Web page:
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Folk Music Advocate Lomax Dead at 87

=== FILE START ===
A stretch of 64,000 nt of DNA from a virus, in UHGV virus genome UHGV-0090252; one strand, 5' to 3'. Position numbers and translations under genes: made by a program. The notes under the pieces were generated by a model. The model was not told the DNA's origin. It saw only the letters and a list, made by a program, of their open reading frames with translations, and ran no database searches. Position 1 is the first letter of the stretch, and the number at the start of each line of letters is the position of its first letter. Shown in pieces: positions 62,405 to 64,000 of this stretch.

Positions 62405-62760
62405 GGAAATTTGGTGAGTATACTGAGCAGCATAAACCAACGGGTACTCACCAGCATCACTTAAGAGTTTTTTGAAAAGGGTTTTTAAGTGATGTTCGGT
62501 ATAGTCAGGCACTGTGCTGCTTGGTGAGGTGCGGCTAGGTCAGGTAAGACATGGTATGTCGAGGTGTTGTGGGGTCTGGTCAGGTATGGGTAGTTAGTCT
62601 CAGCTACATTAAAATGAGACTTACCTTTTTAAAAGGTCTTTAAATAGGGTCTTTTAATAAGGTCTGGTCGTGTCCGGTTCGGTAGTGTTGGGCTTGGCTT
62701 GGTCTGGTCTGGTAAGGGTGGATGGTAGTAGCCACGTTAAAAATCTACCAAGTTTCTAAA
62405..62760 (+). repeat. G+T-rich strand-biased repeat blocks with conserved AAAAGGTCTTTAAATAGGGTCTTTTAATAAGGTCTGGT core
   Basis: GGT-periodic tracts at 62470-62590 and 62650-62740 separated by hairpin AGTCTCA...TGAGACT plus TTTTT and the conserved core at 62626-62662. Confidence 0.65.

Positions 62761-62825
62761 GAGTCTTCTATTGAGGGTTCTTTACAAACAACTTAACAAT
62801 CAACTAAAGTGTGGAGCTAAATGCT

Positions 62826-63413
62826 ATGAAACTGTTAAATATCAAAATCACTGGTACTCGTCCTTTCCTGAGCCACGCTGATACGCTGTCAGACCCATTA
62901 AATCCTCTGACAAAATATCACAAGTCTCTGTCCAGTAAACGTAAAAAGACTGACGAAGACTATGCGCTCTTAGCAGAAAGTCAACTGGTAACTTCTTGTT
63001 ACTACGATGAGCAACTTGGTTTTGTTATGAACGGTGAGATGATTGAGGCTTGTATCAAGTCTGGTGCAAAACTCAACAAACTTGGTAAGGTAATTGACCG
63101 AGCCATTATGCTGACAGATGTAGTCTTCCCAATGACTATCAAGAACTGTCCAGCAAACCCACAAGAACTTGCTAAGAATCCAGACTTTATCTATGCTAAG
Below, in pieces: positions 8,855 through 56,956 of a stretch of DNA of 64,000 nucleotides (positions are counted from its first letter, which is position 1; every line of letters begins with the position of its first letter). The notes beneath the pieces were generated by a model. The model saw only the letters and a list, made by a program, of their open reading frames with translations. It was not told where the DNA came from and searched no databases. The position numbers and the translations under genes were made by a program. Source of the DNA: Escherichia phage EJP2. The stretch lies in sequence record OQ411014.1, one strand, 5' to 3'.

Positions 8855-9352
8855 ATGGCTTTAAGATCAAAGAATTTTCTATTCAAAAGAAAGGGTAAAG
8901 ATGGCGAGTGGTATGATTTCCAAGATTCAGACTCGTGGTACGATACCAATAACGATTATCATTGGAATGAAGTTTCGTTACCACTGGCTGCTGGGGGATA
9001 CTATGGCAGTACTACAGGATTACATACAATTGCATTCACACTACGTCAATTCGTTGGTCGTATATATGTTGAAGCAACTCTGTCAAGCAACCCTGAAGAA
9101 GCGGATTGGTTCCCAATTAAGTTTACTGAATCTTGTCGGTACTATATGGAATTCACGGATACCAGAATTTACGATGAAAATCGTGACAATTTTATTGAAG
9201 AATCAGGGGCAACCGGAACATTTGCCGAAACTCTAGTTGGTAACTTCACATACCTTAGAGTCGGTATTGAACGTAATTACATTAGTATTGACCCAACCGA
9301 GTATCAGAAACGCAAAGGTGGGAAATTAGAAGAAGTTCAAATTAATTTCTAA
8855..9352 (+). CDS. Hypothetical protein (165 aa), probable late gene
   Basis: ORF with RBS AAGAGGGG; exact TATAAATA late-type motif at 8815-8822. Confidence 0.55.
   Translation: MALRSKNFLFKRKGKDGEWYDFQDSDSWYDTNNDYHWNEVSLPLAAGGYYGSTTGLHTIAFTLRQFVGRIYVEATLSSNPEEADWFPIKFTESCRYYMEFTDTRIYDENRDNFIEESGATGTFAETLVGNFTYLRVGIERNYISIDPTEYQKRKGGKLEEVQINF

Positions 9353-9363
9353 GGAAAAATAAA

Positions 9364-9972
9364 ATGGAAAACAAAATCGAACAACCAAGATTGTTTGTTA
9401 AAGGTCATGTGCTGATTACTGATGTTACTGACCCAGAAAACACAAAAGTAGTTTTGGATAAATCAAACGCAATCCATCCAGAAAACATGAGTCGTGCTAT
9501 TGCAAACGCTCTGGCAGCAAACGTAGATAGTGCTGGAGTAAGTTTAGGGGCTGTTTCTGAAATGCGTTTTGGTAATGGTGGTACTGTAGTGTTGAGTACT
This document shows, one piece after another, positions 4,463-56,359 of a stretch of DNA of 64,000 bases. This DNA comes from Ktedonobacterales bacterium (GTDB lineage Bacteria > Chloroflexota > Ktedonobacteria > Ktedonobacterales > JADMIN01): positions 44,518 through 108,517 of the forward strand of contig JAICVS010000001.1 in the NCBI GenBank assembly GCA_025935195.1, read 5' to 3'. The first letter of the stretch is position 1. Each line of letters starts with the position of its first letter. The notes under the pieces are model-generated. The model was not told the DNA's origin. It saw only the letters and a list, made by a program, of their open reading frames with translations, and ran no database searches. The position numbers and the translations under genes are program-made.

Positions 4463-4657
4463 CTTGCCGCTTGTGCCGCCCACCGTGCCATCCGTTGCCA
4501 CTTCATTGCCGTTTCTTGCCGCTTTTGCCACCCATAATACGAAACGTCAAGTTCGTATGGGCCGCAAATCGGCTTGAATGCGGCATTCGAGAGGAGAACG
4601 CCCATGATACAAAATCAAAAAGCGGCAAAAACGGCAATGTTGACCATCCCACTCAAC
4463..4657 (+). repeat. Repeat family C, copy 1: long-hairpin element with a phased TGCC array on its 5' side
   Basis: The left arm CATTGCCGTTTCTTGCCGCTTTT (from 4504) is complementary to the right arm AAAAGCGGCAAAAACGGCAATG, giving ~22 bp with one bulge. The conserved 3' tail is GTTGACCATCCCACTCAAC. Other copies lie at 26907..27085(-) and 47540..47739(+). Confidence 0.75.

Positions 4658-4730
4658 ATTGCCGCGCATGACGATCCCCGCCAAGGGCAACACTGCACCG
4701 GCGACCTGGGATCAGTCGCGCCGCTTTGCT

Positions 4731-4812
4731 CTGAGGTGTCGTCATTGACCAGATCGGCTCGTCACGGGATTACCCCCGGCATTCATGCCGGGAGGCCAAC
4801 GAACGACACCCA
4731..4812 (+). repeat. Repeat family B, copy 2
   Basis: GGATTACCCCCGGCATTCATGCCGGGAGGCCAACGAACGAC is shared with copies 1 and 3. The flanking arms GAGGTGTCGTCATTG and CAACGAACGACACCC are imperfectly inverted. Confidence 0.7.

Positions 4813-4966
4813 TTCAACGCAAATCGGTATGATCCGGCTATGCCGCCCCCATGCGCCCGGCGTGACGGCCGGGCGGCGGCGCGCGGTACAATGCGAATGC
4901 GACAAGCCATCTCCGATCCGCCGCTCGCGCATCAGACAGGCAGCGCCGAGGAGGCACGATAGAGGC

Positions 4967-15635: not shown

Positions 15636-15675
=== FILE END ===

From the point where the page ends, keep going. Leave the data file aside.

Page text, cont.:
Musicologist and folk music scholar Alan Lomax died Friday (July 19). He was 87. With his father, John Avery Lomax, he helped establish the Archive of Folksong at the Library of Congress. His radio shows introduced audiences nationwide to the music of Woody Guthrie, Leadbelly, Aunt Molly Jackson, Josh White, the Golden Gate Quartet, Burl Ives and Pete Seeger. A tireless researcher and collector of songs, he recorded Muddy Waters in 1942 during a field trip to Mississippi. With his father, Lomax wrote and published important folksong collections including American Ballads and Folksongs, Negro Folk Songs as Sung by Leadbelly and Cowboy Songs. His nephew, John Lomax III, is a noted country music journalist and artist manager whose clients have included Townes Van Zandt and Steve Earle. Funeral services for Lomax will be held at 5 p.m. ET Tuesday (July 23) at Vinson Funeral Home in Tarpon Springs, Fla. A New York memorial service will be announced later. In lieu of flowers, the family has asked that donations be made to: The Blues Music Foundation for the Willie Moore Fund, c/o Experience Music Project, 2901 Third Ave., Seattle, WA 98121. 07/19/02
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